Professor Marcia Langton is a researcher and commentator on Australian Indigenous issues, including land rights, native title, natural resources and corporate social responsibility.
Associate Professor Andrew Hill
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Using newly available genetic sequencing scientists discovered cells infected with prions (the infectious agent responsible for these diseases) release particles which contain easily recognized ‘signature genes’.
Associate Professor Andrew Hill — from the Department of Biochemistry and Molecular Biology at the Bio21 Institute — said these particles travel in the blood stream, making a diagnostic blood test a possibility.
“This might provide a way to screen people who have spent time in the UK, who currently face restrictions on their ability to donate blood,” he said.
“With a simple blood test nurses could deem a prospective donor’s blood as healthy, with the potential to significantly boost critical blood stocks.”
Mad Cow disease was linked to the deaths of nearly 200 people in Great Britain who consumed meat from infected animals in the late 1980s.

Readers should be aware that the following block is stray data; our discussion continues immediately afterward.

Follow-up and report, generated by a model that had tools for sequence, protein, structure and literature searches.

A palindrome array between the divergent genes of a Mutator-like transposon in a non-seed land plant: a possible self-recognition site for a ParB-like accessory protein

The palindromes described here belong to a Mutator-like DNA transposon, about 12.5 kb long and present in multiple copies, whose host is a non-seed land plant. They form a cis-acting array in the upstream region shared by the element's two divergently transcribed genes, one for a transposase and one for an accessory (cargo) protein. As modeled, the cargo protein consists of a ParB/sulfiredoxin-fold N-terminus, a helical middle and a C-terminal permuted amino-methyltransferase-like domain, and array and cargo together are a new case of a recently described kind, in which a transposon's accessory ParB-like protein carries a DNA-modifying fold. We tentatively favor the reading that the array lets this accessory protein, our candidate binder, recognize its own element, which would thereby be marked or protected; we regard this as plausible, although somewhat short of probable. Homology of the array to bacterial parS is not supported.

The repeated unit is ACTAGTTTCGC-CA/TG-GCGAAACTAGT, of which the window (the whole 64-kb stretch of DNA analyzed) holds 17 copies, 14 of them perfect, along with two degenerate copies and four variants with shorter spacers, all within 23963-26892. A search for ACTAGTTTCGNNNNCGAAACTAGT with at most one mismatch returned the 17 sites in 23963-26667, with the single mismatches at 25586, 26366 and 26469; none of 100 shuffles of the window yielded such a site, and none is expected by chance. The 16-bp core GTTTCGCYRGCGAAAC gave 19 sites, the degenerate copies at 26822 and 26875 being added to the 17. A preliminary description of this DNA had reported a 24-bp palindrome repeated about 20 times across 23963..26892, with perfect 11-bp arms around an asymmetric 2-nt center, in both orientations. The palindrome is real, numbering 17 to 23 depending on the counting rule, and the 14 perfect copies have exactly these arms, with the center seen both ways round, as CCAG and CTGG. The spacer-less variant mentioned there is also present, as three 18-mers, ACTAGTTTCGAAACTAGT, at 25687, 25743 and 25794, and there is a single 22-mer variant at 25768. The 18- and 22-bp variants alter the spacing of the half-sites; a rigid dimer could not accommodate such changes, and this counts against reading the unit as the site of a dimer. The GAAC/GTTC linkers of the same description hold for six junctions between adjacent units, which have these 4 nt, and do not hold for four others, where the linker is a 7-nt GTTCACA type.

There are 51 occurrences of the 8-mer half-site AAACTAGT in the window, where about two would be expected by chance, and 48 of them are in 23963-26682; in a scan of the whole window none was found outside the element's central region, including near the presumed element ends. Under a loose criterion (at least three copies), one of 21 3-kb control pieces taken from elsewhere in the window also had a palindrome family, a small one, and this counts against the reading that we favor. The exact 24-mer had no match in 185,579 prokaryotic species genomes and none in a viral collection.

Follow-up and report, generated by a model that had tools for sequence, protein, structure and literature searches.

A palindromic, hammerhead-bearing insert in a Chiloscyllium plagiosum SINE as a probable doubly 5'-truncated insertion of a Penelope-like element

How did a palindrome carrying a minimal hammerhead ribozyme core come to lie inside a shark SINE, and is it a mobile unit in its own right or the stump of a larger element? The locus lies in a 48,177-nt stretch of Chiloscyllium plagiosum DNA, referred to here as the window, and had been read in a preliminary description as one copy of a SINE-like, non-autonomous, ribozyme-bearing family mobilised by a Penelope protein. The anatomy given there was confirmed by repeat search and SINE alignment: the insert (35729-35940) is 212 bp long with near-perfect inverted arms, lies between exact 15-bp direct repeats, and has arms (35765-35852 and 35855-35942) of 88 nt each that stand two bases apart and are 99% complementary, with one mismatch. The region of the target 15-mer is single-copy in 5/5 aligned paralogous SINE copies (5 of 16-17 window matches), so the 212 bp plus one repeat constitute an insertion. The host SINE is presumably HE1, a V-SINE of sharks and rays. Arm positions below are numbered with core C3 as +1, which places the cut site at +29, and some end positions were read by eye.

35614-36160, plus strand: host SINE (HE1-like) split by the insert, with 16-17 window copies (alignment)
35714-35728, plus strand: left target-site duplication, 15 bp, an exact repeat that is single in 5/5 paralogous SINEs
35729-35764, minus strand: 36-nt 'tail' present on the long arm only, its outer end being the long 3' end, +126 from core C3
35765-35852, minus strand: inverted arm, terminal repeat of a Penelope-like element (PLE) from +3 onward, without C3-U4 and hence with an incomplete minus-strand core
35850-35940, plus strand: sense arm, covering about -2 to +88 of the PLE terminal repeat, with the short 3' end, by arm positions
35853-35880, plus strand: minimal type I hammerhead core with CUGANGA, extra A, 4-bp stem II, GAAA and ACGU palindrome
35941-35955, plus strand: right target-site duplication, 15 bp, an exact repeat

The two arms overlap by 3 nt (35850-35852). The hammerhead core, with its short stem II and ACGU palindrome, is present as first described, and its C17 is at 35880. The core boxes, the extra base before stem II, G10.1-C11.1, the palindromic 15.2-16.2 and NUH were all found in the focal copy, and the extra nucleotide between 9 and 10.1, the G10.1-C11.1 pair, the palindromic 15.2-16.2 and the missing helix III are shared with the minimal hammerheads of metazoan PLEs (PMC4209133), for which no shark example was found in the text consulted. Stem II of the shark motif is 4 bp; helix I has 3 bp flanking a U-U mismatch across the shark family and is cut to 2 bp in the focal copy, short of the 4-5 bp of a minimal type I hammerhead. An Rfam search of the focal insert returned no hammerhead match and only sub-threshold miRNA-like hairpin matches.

Since 2000, the Australia Red Cross Blood Service has not accepted blood from anybody who lived in the UK for more than six months between 1980 and 1996, or who received a blood transfusion in the UK after 1980.
The research is published in this week’s Oxford University Press Nucleic Acids Research journal.
Lead author Dr Shayne Bellingham said the breakthrough might also help detect other human neurodegenerative diseases, such as Alzheimer’s and Parkinson’s.
“This is an exciting new field where we can test for conditions in the brain and throughout the body, without being invasive,” he said.
The researchers’ genetic testing focused on a form of cell discharge called exosomes.
If exosomes were infected with prions (the pathogen that causes Creutzfeldt-Jakob Disease and Bovine Spongiform Encephalopathy, commonly known as Mad Cow Disease) they were found to also carry a specific signature of small genes called microRNA’s.
The research was undertaken at the University of Melbourne, with assistance from the Mental Health Research Institute of Victoria, the National Health and Medical Research Council and the Australian Research Council.